* The always valuable Jim DeRogatis fills us in…
Joining Commissioner Bridget Gainer’s initiative examining Lollapalooza’s exemption from the Cook County amusement tax, Illinois Rep. Sara Feigenholtz is pushing the state legislature to probe whether the three-day concert is paying its share of state sales taxes on everything sold in Grant Park.
Although several sources, including Gainer, have said that the massive music festival uses its partnership with the not-for-profit Parkways Foundation to avoid paying the 6.25-percent sales tax, this reporter has not been able to confirm how it receives an exemption. Feigenholtz said on Friday that she intends to get an answer, and to seriously question whether a waiver is warranted. […]
Illinois law states that to qualify for an exemption from the sales tax, “Your organization must be not-for-profit and organized and operated exclusively for charitable, religious, educational, or governmental purposes.” Lollapalooza, which is co-owned by politically well-connected Texas concert promoters C3 Presents and Hollywood talent agency William Morris Endeavor (run by Mayor Rahm Emmanuel’s brother, Ari) clearly is a for-profit venture.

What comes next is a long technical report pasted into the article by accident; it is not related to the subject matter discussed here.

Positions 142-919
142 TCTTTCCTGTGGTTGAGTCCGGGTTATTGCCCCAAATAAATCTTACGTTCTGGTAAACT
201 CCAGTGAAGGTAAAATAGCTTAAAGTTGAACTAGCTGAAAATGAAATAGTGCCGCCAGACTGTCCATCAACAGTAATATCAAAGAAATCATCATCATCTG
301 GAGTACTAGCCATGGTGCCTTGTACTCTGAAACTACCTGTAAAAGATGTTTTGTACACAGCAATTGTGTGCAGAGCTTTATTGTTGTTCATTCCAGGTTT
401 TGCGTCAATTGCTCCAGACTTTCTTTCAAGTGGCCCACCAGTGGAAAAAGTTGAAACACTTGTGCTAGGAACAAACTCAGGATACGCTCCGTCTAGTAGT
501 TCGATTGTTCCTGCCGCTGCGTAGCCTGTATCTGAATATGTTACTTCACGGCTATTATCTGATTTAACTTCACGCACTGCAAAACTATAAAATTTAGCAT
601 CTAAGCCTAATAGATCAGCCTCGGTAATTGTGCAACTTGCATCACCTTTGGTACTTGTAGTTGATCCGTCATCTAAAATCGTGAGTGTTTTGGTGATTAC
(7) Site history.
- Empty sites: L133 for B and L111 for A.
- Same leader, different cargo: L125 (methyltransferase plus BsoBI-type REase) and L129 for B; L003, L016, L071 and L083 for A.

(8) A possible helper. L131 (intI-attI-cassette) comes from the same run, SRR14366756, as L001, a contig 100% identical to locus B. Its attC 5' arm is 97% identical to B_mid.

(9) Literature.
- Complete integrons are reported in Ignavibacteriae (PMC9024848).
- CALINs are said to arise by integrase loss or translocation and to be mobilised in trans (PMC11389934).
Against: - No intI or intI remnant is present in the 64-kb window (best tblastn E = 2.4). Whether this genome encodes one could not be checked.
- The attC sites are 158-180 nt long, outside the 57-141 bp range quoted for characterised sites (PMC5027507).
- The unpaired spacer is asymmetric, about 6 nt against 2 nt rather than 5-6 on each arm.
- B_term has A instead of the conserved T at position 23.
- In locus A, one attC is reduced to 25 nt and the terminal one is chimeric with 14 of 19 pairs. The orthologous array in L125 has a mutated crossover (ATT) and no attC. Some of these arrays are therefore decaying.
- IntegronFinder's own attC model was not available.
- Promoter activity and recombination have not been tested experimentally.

Last year, the festival gave Parkways more than $2 million for park improvements. But its gross revenues were more than $21 million, and it did not pay the 5-percent city amusement tax, the 1.5-percent county amusement tax, or any fee to rent and close Grant Park for much of the summer.
* Nobody seems to know how this happened or why. Background…
Although Lollapalooza is very much a for-profit event, it partners to apply for all of its licenses with the non-profit Parkways Foundation, a favorite group of former Mayor Daley and his late wife, Maggie. A long-term sweetheart deal negotiated in part by the festival’s attorney and lobbyist, Daley nephew Mark Vanecko, exempts it from paying the 5 percent city amusement tax and the 1.5 percent county amusement tax, as well as the state sales tax levied on every other major event in Chicago—even though the municipal code clearly states that every big concert and sporting event must pay what’s owed unless 100 percent of its profits go to charity. […]
The loss in sales tax could be even more substantial, Gainer said, since local government has no idea what that cut of souvenir, food, and alcohol sales would even be. Parkways applies for the festival’s liquor license, but as this blog has reported, actual sales are handled by a corporation co-owned by Texas promoters C3 Presents and local bar owner Kevin Killerman, a client and friend of Vanecko.
Mayor Rahm Emanuel has said he would ask the City Council to appoint a “third-party, independent” negotiator to broker talks with Lollapalooza and determine whether to eliminate the music festival’s multi-million dollar amusement tax exemption.
The hands-off stance is necessitated by the involvement of Emanuel’s brother, Hollywood super-agent Ari Emanuel. Ari Emanuel is the CEO of William Morris Endeavor, which co-owns Lollapalooza.